SUNSTAR Cebu columnist Melanie Lim was preparing to have breakfast at the Swissotel Nankai Osaka when a 6.1 magnitude earthquake struck Osaka at 7:58 a.m. Japan time (6:58 a.m. Philippine time), Monday, June 18.
“Luckily, our hotel was very organized and had announcements,” said Lim, who has been in Osaka on holiday with relatives since Friday.
She estimated that they were about 12 miles from the epicenter of the earthquake.
“When the earthquake struck, an announcement was immediately made over the PA (public address) system. Then instructions followed. We were told to stay in the room while they assessed the building’s safety. They soon told us the building was safe but that they were still checking the elevators. Then they said the elevators were okay for use,” she told SunStar Cebu.
“Then I saw a helicopter flying over buildings, possibly checking for damage,” she said.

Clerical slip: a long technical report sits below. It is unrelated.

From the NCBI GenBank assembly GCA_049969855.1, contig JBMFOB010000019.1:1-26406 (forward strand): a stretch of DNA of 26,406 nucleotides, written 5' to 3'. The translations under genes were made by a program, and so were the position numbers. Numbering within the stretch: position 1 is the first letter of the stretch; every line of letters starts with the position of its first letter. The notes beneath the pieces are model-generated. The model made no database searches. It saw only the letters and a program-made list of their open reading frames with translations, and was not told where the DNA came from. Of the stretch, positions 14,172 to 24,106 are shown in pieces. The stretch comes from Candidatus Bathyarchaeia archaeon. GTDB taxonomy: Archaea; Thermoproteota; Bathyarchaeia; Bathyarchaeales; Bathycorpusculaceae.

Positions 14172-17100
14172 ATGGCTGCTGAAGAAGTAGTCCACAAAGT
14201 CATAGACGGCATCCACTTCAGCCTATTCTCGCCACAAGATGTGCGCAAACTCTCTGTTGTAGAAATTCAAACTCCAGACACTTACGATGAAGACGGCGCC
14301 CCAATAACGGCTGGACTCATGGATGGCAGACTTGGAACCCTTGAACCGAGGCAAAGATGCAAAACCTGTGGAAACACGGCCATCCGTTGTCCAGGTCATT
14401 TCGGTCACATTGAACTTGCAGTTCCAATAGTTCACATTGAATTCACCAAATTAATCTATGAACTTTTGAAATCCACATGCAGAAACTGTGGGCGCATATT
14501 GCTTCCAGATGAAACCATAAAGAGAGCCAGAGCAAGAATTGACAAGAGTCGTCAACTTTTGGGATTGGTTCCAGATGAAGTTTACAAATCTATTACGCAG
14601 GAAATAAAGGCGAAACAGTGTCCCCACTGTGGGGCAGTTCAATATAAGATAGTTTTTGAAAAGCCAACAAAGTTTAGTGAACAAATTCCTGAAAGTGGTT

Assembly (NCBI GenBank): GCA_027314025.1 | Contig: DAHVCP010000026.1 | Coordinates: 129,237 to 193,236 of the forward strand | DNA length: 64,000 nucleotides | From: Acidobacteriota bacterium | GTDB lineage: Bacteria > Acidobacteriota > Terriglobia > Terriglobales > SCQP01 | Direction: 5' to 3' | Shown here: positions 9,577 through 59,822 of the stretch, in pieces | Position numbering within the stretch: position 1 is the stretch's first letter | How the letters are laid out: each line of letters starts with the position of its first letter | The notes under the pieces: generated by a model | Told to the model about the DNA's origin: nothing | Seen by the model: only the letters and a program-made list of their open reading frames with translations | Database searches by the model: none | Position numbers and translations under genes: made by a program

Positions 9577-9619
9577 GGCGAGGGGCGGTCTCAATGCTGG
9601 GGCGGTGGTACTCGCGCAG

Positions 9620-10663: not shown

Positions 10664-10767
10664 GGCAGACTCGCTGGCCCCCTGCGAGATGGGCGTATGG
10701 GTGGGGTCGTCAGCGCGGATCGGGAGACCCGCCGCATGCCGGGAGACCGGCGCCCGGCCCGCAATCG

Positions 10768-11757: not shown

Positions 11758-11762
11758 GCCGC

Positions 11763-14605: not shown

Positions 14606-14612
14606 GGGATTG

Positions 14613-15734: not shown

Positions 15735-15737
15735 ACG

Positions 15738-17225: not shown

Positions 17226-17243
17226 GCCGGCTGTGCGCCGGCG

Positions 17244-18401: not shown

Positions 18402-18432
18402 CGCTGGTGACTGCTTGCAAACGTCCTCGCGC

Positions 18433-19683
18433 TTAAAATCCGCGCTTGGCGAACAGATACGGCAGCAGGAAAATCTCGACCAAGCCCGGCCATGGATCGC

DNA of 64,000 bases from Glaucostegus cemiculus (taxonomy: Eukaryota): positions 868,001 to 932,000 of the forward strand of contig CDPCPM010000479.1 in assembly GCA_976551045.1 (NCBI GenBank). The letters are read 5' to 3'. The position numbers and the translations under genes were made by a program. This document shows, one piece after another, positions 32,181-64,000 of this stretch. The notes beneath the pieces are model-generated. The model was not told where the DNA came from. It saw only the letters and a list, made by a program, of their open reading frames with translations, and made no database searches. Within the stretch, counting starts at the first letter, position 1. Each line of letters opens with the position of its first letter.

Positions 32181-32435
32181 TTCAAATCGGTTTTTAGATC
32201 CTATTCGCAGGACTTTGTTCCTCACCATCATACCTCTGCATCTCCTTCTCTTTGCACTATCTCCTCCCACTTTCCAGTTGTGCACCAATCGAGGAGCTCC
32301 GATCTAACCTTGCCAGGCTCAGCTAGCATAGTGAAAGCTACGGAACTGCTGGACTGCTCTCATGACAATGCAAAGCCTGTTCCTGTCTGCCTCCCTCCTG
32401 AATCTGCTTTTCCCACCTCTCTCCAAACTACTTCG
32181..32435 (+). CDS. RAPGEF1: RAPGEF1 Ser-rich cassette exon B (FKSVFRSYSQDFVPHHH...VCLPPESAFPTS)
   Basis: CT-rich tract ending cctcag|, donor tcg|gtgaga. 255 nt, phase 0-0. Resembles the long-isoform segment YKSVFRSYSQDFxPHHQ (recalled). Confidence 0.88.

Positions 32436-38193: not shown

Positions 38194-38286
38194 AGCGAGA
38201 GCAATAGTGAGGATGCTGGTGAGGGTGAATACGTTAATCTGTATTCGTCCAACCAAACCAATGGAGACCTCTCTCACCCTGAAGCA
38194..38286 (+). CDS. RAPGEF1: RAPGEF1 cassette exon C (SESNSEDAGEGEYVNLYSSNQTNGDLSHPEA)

When she and her travel companions got down to the lobby, they were met by the scene of “people checking out like crazy.”
Most people take trains to the airport. But since the trains were not running in the aftermath of the earthquake, Lim related seeing a long queue for taxis.
In the area near her hotel, Lim said, many stores were still not open as of mid-afternoon.
“It’s probably because people could not go to work because the trains are not running,” she said.
But she said she could not see any ostensible damage in the environs.
Her sister, Rose Marie, said the temblor was particularly scary since they had just visited on Sunday, June 17, the Kobe Earthquake Memorial Museum, which commemorates the very destructive 1995 Kobe earthquake that killed more than 5,000 people.
Lim said they have made preparations in case there should be an order to evacuate. (CTL/SunStar Cebu)